Fitch Rates Providence RI's GO Bonds 'BBB'; Outlook Negative

NEW YORK--()--Fitch Ratings takes the following rating action on the City of Providence, RI's (the city) general obligation (GO) bonds:

$40,000,000 GO bonds series 2013A at 'BBB'.

The bonds are scheduled to price via negotiation the week of March 4. Proceeds will be used for road improvements.

In addition, Fitch affirms the 'BBB' rating on the city's following outstanding bonds:

--$1.9 million GO bonds, series 2000;
--$11.1 million GO bonds, series 2001B;
--$19.1 million GO refunding bonds, series 2004A;
--$6.9 million GO taxable refunding bonds, series 2004B.

The Rating Outlook is Negative.

SECURITY

The bonds are general obligations of the city and backed by its full faith and credit and unlimited taxing authority.

KEY RATING DRIVERS

FINANCIAL CONDITION STILL PRESSURED: Despite indications of substantial improvement to its structural imbalance, the maintenance of the Negative Outlook reflects remaining uncertainty and Fitch's view that the city still faces financial pressure and limited flexibility. Challenges include statutory revenue limitations, a shortage of additional cost cutting solutions, and increasing employee benefit costs.

IMPROVED BUT LIMITED LIQUIDITY: The city's cash position has improved with the establishment of new recurring revenue sources, but liquidity is still weak. Challenges include the negative general fund balance and forward year budget gap projections.

EFFECTIVE MANAGEMENT TEAM: Management has made notable progress in reducing its structural deficit for fiscal 2012. The fiscal 2013 budget is balanced and includes an appropriation for partial replenishment of general fund reserves.

HIGH FUTURE RETIREE COSTS: The city has growing and severely under-funded pension and other post-employment benefit (OPEB) liabilities, although funding of the annual required contribution for its pensions is at or near 100%. If approved, changes to retiree benefits are expected to reduce both near term costs and future liabilities. Overall debt levels are moderate.

ECONOMIC STABILITY FROM INSTITUTIONAL PRESENCE: Long-term economic stability is derived from the city's position as the capital of the state and its large educational and healthcare institutional presence.

WEAK DEMOGRAPHICS: Demographics are weak with low wealth levels, high unemployment and declining assessed values.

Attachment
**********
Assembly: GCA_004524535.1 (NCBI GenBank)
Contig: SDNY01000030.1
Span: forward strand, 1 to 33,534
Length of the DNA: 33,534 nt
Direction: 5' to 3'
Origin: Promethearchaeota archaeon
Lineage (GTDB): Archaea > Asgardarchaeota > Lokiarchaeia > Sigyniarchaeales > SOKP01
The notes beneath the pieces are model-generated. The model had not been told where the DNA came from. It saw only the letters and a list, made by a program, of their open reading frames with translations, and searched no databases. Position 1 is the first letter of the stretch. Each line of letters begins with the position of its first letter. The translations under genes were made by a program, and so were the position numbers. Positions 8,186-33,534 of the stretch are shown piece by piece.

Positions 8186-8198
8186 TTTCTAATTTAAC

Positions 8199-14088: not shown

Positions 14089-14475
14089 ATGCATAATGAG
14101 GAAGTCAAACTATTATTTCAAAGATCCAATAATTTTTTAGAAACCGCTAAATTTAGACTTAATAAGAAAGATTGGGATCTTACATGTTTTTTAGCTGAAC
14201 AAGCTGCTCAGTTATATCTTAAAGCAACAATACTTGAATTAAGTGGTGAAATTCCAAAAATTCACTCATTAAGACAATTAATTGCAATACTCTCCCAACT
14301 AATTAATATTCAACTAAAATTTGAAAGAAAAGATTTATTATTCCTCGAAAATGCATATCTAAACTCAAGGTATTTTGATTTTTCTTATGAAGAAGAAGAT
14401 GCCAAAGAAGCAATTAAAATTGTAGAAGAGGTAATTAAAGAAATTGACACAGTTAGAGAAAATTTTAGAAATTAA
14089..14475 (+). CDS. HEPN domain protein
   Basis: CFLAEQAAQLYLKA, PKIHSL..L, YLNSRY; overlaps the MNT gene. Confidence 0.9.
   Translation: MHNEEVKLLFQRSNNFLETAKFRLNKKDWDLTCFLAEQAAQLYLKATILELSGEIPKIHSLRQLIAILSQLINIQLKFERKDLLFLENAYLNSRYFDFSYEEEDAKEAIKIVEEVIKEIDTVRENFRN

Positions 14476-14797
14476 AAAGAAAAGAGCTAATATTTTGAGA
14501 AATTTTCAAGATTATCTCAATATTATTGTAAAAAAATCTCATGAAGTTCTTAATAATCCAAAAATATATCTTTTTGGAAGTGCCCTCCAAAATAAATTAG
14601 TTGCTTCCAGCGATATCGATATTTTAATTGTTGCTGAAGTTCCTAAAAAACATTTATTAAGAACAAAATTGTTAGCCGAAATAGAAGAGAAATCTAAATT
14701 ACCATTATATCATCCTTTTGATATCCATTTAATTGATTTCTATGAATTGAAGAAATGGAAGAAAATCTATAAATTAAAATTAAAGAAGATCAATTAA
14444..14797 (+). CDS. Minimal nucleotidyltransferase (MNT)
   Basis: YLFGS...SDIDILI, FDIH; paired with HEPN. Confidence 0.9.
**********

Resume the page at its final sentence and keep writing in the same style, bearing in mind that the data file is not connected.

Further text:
RATING SENSITIVITIES

AGREEMENT WITH RETIREES: Formalization of the tentative agreement with retirees would ensure immediate and long term pension and healthcare cost savings. Inability to obtain formal approval could cause significant budget pressure and a downward change in the rating.

FINANCIAL PRESSURES: The rating is sensitive to management's ability to stabilize operations with recurring budget solutions and a restoration of satisfactory reserves and liquidity.

CREDIT PROFILE

FINANCIAL CONDITION STILL WEAK

Providence has made significant progress in eliminating its structural imbalance, but financial pressure still exists. After passing a fiscal 2012 budget that eliminated a $110 million structural deficit, the city ended the fiscal year with a $15.1 million general fund operating deficit after transfers (3% of general fund spending). The fiscal year-end unrestricted general fund balance was a negative $11.4 million (-2.5% of spending). This was the fourth year of operating deficits and declines in cash balances. Much of this weak performance was due to cumulative loss of $123 million in state aid since fiscal 2009, weakness in the economy that resulted in a lack of new building activity, and lower than projected local revenues.

Cash flow pressures are less acute than they were a year ago, when depletion of cash was a real concern. Through management of payables/receivables, moving up the property tax billing date, and negotiation of new payment-in-lieu-of-tax (PILOT) payments from its local universities and hospitals, the city was able to retain adequate cash and avoid short-term borrowing.

The primary drivers of the reduction in the structural imbalance were a 5.14% property tax increase, a reduction in staff by 200 (approx. 10% of staff), salary freezes, and the new or increased PILOT payments ($6.25 million). No one-time revenues were included in the budget. A budgeted reduction in retiree healthcare payments for Medicare-eligible retirees was delayed, accounting for approximately $11 million of the $15.1 million fiscal 2012 deficit.

Management has prudently implemented both increased budget monitoring, with monthly cash-flow reports provided to city council, and multi-year financial forecasting.

In April 2012, city council passed an ordinance (the Pension Protection Act) for pension reform including eliminating and partially freezing certain cost of living adjustments. The city expects a formal agreement and signoff by the state superior court to occur within the next two months. Included in the tentative agreement is the transfer to Medicare for eligible employees. Annual combined savings are estimated at $18.5 million.

BALANCED BUDGET FOR FISCAL 2013

The fiscal 2013 budget is balanced and includes no significant expenditure adjustments and no property tax increase. The budget includes a $5.6 million reduction of the general fund accumulated deficit as part of a new ordinance requiring approximately 1% of general fund spending (including transfers to schools) to be budgeted each year to help replenish reserves. The budget funds 100% of its revised $58 million annual required contribution (ARC), assuming formalization of the pension reform discussed above. The budget includes $20 million in additional state aid for schools due to a change in the state's funding formula which Fitch expects will be ongoing.

According to management, operations are on target to meet budget expectations. The city has adequate liquidity as represented by its $42 million in general fund cash and $24 million in school fund cash as of Nov. 2012. No cash flow borrowing is anticipated.